Thursday, September 27, 2007

Consistency (and Variety, too)

I talked myself out of going to the gym on Monday. The treadmill and elliptical just don’t excite me, so it’s easy to find an excuse to avoid these labors. But my heart and lungs need the aerobic activity, and my mind could use the interruption from occupational thoughts.

I recently read an article by Cyndi Schoenhals, a personal trainer and fitness writer. She outlined the many benefits of staying consistent (healthier habits, more energy, mental alertness) and gave excellent suggestions for how to stick with it. You can read her article at

I circumvented the gym and was tempted to miss a day of exercise. After all, doesn’t watching Monday Night Football count for something? No, it doesn’t. I remembered Cyndi’s article, especially the part about having fitness goals, which helped me to remember mine. So I plugged in a new belly dance DVD and before long was breathing heavily (“thank-you,” said my heart) and enjoying myself at the same time.

The world presents us with many demands and choices, so it’s easy to get distracted from healthy behaviors. Consistency is the key to staying in shape, whether that’s staying true to a good diet or regular exercise. However, consistency doesn’t mean everything must be repetitive. After all, we don’t eat the same meal every day. Plus, we can injure ourselves when we engage in the same activity for too long. Variety is needed for the body as well as the spirit.

I’m glad I tried something new, but didn’t forfeit activity.

Next week, I’ll get on the elliptical and after a while will probably even find it pleasant. Afterwards, when I watch the Patriots and Bengals, I’ll feel that I’ve earned it by being staying true to healthy behaviors.

Sunday, September 23, 2007

Exercise Strategies for Fibromyalgia

I’ve written an article about exercise, “Exercise Strategies that Work Like Magic” that has been published by Fibromyalgia Online ( The National Fibromyalgia Association offers many resources to help people with chronic pain (, including this free, online newsletter.

In summary, my article offers three pieces of advice for exercising:
1) Add warm-up and cool-down periods to each session of exercise. In addition, stretch at the end of a workout, when your muscles are warm. If you stretch when cold, you increase the risk of tearing your connective tissue.
2) Lower the intensity of exercise so you don’t push yourself too far.
3) Pay attention to your body and let your symptoms determine how much you do at a time.

It’s important to exercise regularly, even when you’re not feeling your best. These guidelines can help you whenever you feel less than 100% so you can stay active and avoid injury.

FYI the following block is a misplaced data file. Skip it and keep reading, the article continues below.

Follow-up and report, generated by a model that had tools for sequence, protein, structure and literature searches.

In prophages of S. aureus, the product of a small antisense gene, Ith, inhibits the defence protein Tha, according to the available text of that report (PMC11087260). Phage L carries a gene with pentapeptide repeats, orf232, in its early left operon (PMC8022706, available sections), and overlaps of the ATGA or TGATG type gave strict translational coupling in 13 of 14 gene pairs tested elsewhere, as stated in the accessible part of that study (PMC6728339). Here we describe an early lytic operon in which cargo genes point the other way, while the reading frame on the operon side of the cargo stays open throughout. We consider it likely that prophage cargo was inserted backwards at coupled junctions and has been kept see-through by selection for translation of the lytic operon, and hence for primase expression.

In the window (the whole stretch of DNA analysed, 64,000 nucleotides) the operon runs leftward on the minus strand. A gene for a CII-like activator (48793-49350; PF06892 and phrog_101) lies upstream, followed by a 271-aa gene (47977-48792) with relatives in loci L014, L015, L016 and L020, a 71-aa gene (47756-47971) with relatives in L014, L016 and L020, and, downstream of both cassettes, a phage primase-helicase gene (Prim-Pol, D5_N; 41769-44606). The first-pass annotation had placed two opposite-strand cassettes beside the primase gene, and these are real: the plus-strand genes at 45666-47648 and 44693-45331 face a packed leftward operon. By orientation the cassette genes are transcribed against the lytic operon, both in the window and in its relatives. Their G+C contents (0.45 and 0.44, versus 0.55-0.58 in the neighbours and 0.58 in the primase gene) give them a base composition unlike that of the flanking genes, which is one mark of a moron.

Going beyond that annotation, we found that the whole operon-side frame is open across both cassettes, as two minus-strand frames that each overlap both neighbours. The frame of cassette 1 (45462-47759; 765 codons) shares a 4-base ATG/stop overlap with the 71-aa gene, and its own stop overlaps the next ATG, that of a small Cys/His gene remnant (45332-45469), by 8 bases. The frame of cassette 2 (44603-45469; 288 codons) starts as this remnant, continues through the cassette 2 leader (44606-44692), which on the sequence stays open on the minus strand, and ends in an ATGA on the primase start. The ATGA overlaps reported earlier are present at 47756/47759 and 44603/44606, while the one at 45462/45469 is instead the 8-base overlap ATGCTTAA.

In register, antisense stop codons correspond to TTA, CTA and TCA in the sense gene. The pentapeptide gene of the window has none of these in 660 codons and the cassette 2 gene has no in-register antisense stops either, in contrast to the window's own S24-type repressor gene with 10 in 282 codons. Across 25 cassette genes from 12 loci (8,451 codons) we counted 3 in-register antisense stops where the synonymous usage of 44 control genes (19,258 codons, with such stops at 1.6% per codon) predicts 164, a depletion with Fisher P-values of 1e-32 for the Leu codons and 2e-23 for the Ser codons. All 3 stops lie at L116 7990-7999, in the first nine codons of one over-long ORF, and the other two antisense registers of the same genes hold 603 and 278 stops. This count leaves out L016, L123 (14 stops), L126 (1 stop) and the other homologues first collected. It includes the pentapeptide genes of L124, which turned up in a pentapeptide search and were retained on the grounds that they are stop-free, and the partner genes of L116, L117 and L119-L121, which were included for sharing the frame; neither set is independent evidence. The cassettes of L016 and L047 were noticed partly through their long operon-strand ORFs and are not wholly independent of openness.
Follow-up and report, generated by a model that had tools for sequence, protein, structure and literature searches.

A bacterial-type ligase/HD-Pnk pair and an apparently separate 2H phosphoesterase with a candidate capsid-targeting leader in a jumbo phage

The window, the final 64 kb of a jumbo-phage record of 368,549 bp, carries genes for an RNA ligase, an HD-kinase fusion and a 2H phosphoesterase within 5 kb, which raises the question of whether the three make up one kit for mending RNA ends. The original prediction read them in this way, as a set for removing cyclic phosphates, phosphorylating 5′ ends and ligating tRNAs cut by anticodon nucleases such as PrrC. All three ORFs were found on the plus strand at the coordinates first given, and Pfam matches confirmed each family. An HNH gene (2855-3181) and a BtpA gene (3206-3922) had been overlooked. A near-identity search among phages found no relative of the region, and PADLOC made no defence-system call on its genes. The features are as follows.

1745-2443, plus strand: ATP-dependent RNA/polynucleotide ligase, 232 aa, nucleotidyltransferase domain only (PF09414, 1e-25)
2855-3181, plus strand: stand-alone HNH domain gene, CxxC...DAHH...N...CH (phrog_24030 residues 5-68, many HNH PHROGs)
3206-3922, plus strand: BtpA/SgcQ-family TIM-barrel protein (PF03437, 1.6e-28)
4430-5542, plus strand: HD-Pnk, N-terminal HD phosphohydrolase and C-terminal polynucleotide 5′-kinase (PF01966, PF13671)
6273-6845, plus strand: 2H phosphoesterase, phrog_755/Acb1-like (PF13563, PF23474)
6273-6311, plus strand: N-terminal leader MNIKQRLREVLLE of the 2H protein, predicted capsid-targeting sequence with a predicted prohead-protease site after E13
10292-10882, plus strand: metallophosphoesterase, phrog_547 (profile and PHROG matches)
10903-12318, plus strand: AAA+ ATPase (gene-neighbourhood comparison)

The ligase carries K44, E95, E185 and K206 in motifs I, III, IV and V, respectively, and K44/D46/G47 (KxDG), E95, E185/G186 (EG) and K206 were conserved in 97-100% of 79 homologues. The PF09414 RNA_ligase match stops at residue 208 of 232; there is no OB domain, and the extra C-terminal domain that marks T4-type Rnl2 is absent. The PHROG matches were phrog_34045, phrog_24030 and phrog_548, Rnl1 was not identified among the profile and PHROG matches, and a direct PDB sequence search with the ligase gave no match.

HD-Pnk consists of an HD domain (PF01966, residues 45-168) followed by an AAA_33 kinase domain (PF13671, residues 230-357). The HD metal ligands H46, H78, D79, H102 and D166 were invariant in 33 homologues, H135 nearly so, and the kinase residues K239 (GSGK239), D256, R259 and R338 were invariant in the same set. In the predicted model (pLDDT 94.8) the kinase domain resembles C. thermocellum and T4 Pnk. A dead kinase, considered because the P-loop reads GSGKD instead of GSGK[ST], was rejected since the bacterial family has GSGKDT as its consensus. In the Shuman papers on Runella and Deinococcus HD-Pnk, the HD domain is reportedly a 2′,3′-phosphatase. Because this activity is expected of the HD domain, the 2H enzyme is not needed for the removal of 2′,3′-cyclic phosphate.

Many people with fibromyalgia go undiagnosed for years, so they live with muscle pain (particularly in multiple trigger points), ongoing fatigue, and sleep problems. However, more doctors are getting educated about this disease, making a quick diagnosis more likely. Also, there are specialty clinics, including the Fibromyalgia & Fatigue Center (, which offers a unique treatment methodology.

If you know someone who has the symptoms of fibromyalgia, let her know that there is help available. The National Fibromyalgia Association ( and The Arthritis Foundation ( both offer a range of services.

Wednesday, September 19, 2007

Opportunities to Learn Fluid Movement

I have scheduled several, upcoming undulation workshops so more people can learn about this movement so vital to good health. The organizations that are sponsoring the presentations have good information on their websites. It’s worth checking out a few of the links below.

Sept. 26, Wednesday, noon to 1:00 pm Sammamish Family YMCA, ( Free! “Fun Exercise to Nurture Your Back” A workshop in support of Active Aging Week sponsored by the International Council on Active Aging ( To register call 425-391-4840.

Oct. 3, Wednesday, 7:00 to 8:00 pm Cambridge Naturals, Free! “Relieve Stress and Ease Back Pain with Undulation” To sign up call 617-492-4452. Whether you live in Cambridge, Massachusetts or not, I encourage you to look at this community health store’s website, They have a great selection of recipes and health information.

Oct. 7, Sunday, 7:30 to 8:30 am International Association of Structural Integrators Symposium Boston, ( Open class for all registrants.

Oct. 15 - Nov. 1, Mondays, 1:00 to 2:00 pm Issaquah Senior Center, “Fountain of Youth with Fun Movement” Just $39 for four classes. Sign up through Bellevue Community College Explore program at (

Oct. 27, Saturday, 10:00 to 11:00 am I’ll be presenting at the Emerald City Writers Conference with New York Times bestselling author Stella Cameron ( at the Bellevue Hilton, “Creating Sensual Scenes with Undulation.” If you’re a writer, this conference offers a variety of good workshops and networking. The cost for the weekend is $249. Sign up at (

Nov. 3 or 4 Alive! Expo, Seattle Center. “Relieve Muscle Soreness with Undulation.” This two-day health and wellness fair features local and national natural product companies, alternative practitioners, chiropractors, health food retailers and community non-profit organizations showcasing information about their products and services. Tickets, which give you access to all booths and many speakers, are $10 on line or only $5 at Super Supplement locations. Get more information at